Countries like Greece which have been affected by the wildfires that swept over much of the Mediterranean region in late July are now taking stock of how much their tourism revenues have been impacted.
The wildfires necessitated the evacuation of thousands of tourists from popular destinations in southern Europe and northern Africa. For many of the locations most highly impacted, tourism is the lifeblood of the local economy.
According to estimates from the European Union, a total land area exceeding 1,350 square kilometers was devastated by wildfires in Greece, Italy, Algeria, and Tunisia in late July, impacting the lives of approximately 120,000 individuals.
Tourism to Greece and other destinations hurt by wildfires
Tourist destinations in Greece and Italy have been adversely affected by the wildfires, leading to a significant decrease in tourist arrivals. The island of Rhodes experienced a substantial number of flight cancellations, and this trend is mirrored in Sicily as well, as reported by Olivier Ponti, the Vice President of Insights at ForwardKeys, a travel data company that has access to flight information.
The areas most impacted by the wildfires in Greece in addition to Rhodes were Corfu, Evia, and Magnesia. The exact financial cost of the fires has not yet been determined but the extent of the damage is made evident by satellite imagery of the impacted areas. Moreover, the conflagrations led to the deaths of at least six people including two pilots whose plane crashed during a firefighting operation.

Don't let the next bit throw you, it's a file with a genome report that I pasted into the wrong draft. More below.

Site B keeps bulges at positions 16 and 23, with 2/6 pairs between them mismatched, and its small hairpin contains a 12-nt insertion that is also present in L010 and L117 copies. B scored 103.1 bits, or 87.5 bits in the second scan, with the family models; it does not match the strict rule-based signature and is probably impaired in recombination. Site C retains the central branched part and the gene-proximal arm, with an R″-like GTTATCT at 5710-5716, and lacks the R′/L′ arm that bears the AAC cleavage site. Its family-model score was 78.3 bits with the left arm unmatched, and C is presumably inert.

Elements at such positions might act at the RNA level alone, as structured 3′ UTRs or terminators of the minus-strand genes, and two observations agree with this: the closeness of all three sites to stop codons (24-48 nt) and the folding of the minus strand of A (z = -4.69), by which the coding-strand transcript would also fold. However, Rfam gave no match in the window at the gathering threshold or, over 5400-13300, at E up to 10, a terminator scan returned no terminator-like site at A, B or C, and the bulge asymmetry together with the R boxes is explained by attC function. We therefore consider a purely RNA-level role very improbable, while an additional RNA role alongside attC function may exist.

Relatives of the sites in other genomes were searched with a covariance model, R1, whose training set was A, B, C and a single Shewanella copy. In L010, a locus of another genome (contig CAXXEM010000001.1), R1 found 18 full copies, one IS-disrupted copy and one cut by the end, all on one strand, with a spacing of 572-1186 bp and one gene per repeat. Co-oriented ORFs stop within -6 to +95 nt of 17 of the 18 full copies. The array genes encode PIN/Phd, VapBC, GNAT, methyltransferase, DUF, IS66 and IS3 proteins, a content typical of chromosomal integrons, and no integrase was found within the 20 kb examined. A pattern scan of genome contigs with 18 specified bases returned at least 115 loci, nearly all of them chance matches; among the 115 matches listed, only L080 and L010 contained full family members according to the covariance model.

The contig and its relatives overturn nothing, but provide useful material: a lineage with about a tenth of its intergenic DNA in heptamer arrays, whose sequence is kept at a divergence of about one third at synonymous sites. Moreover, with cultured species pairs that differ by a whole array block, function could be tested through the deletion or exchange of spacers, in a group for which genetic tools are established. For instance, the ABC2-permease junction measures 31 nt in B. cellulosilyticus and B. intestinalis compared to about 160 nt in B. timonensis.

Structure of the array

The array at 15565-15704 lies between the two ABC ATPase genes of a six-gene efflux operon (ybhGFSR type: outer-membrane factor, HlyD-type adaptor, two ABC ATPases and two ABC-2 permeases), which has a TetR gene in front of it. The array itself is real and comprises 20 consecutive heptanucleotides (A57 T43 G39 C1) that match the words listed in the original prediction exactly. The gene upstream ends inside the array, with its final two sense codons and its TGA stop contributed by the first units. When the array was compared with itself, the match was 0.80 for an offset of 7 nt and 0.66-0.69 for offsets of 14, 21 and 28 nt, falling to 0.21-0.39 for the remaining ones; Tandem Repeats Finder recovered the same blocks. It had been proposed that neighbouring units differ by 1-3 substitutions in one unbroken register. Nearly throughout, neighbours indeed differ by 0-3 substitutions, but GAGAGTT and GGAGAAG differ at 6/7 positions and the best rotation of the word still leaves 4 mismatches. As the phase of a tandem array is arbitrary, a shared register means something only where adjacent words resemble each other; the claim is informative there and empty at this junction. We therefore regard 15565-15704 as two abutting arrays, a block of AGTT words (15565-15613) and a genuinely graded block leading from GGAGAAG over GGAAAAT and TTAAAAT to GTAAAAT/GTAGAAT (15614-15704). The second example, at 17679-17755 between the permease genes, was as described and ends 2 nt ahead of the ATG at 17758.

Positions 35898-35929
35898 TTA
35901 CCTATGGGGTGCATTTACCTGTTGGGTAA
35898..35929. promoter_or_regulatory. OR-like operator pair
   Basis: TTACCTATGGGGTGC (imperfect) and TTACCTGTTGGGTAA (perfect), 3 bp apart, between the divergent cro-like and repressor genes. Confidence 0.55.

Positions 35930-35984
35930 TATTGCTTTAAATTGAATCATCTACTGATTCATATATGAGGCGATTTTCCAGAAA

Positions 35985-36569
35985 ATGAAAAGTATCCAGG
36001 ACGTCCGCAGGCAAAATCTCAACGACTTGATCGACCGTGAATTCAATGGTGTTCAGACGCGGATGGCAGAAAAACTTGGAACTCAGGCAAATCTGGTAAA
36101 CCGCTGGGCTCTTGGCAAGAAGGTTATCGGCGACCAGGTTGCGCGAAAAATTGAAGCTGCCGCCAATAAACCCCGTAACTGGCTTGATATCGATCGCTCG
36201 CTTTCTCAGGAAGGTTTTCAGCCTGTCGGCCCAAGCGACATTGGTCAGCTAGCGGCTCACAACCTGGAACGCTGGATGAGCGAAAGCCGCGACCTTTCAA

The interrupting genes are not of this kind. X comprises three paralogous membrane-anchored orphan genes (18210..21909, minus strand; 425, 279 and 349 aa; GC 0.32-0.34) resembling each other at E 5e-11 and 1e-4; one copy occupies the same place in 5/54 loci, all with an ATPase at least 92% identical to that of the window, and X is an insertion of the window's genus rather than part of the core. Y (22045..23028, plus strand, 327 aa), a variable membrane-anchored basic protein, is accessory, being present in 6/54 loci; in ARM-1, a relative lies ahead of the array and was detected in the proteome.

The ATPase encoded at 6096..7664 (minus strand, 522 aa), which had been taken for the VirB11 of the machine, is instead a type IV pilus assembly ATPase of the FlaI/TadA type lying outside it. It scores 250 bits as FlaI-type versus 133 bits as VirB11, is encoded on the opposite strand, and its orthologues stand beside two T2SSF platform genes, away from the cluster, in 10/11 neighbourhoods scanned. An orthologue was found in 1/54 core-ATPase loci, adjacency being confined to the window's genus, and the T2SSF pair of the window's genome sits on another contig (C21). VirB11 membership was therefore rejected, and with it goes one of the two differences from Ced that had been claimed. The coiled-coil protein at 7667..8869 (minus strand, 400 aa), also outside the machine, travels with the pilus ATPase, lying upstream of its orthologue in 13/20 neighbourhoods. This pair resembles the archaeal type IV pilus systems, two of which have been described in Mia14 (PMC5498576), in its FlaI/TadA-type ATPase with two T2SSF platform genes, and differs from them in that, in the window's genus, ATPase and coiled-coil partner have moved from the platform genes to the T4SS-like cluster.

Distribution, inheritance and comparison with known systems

According to Ponti, the Greek tourism industry has been relatively resilient to the impact of the wildfires thus far, but other destinations have been less lucky. For example, he noted that the wildfires “have caused a slowdown in bookings for many Italian destinations, even places not close to the fires.”
Impact and response on Rhodes
Rhodes had anticipated a growth of eight to ten percent in international arrivals, building upon a prosperous year in 2022 during which around 2.6 million visitors journeyed to the Greek island, predominantly from the United Kingdom and Germany.
However, in the aftermath of the wildfires, flight cancellations during the final week of July surpassed the total bookings recorded in the corresponding week of 2019, as reported by Ponti.
Manolis Markopoulos, the leader of the Rhodes hotel association, remains hopeful that the resurgence of visitors to areas unaffected by the fires can help salvage a significant portion of the predicted tourism upswing.
“Every day we’re seeing more business,” Markopoulos commented. “By 8-10 August, I think we’ll be back to our normal pace at all these resorts.”
Last week, Greek Prime Minister Kyriakos Mitsotakis announced that Greece will offer a week of free holidays on Rhodes to tourists who were forced to cut their stay on the island short due to the devastating wildfires.
“The Greek government, in cooperation with the local authorities, will offer a week’s free holiday in Rhodes next spring or autumn” for all those who missed it due to the fires, the Prime Minister noted, speaking on the British ITV channel.